Samantha continues to struggle with her gross motor skills.  She hasn't been walking independently these past few months.  Although, we have been encouraging her to use her walker each day as much as she can tolerate.  We went to see Dr. C in September who feels this may just be an evolution of previous brain injury and not necessarily anything "new" in terms of disease progression.  The only way we would know for sure if Samantha's disease is progressing is to do brain MRIs often. As that requires sedation, we aren't going to do that.  Val and I feel that the best predictor of how Samantha is going to do, is to watch and see how she is doing.  For now we are comfortable with this approach, and hope that her walking may one day improve again.  

Another newer, more recent symptom is she seems to be developing myoclonic spasms.  For those of you who know and see Samantha often--you probably have noticed that she startles easily.  This is most likely a neurological response to stimuli--it is common in those with brain injuries.  Her newer symptom is basically an extension of her old "startle", it just looks more pronounced.  It also seems to be happening with sensory stimuli (visual or auditory).   It isn't anything that is impacting her too terribly in terms of quality of life, it is just something to notice and pay attention to.  We will be seeing Dr. C again at the end of January and will discuss it with him further. 

New symptoms aside, Samantha really is doing wonderfully.  She is happy, and smily and continues to amaze us with her sense of humor and her sweetness. Her language and verbal skills continue to improve.  Her current joys are watching Caillou and Glee, trying to make us laugh, and face timing on our iphones with various family members.  Samantha loves snuggles, kisses, and hugs.   Despite her physical limitations, she is having a ball and reminds us daily to enjoy each and every moment with each other.  

Until next time,


Friday, August 24, 2012

August update

There is never a stagnant moment when it comes to Samantha. Things are usually going up, or down.

I am sorry to say that within the last few weeks we have seen yet another slow up in terms of Samantha's motor skills.  Sam has stopped walking again. And, we aren't really sure why.  We have a follow up appointment with Dr. C in Ohio again in mid-September--so perhaps he will have some additional insight.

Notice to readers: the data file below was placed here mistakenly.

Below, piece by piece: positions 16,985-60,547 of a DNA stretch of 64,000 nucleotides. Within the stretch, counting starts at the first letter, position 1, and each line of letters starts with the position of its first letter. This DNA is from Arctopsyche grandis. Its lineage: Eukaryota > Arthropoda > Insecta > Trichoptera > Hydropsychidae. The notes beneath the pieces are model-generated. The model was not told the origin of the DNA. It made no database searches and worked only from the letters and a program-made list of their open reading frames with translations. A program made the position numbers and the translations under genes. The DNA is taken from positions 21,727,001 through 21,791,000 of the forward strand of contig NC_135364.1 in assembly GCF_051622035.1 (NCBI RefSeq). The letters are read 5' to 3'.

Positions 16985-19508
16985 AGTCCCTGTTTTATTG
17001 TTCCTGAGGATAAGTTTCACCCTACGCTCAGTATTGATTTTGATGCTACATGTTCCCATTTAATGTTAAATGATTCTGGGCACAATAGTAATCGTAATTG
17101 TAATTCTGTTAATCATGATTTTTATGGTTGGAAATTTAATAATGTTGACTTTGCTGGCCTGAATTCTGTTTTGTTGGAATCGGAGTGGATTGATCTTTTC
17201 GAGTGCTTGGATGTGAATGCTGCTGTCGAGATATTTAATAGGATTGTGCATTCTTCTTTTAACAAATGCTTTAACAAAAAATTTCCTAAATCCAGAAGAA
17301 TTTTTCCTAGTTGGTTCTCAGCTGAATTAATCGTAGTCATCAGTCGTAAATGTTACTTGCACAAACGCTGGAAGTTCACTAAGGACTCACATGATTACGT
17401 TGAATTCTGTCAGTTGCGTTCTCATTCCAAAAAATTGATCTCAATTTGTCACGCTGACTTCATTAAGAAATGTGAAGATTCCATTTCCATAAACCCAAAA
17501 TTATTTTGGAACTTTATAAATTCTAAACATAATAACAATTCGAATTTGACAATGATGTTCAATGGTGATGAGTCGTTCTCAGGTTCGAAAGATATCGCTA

In addition, Sammy came down with a cold last week, which she handled beautifully. For the first time in several colds, we did not have to go to the hospital for and admission and IV fluids. Val and I are very grateful for that.

Samantha is still her perky and funny self. She is still talking up a storm. But again, no walking to speak of at this point.

Speaking of walking...

Val, Samantha and I are participating in the local UMDF's Energy for Life Walk on September 8th.  If you are interesting in participating or donating, click on the link below.

Team Samantha Fundraising Page - Team Samantha's Team Page for Energy for Life Walkathon - Delaware Valley 2012

Until next time,


Sunday, July 15, 2012

What goes down can sometimes come up

In the last few weeks, I am happy to say that Samantha has had a great turnaround.  Her motor skills are back on the upswing. She seems less clingy and more energetic.  In general, she is doing just wonderful and we are very thrilled to see it.

Usually, Val and I don't really like to discuss the positives for fear they will somehow disappear.  But in the past we have not discussed them and they disappeared anyway.  So why not share?

We have no idea what exactly is helping Samantha the most. Is it the digestive enzymes we started? Perhaps they are allowing her to absorb the EPI-743 and other supplements.  Is it the increase in all of her regular supplements?  Is it the addition of l-citrulline to her daily meds?  Is it the hour a day on the vent we give her as a "break"?  Or, is it that we have continued to give her more elecare than we have been previously?  As Dr. C likes to say, airway and nutrition are so very important for a child like Samantha. Perhaps, it is a combination of all of the above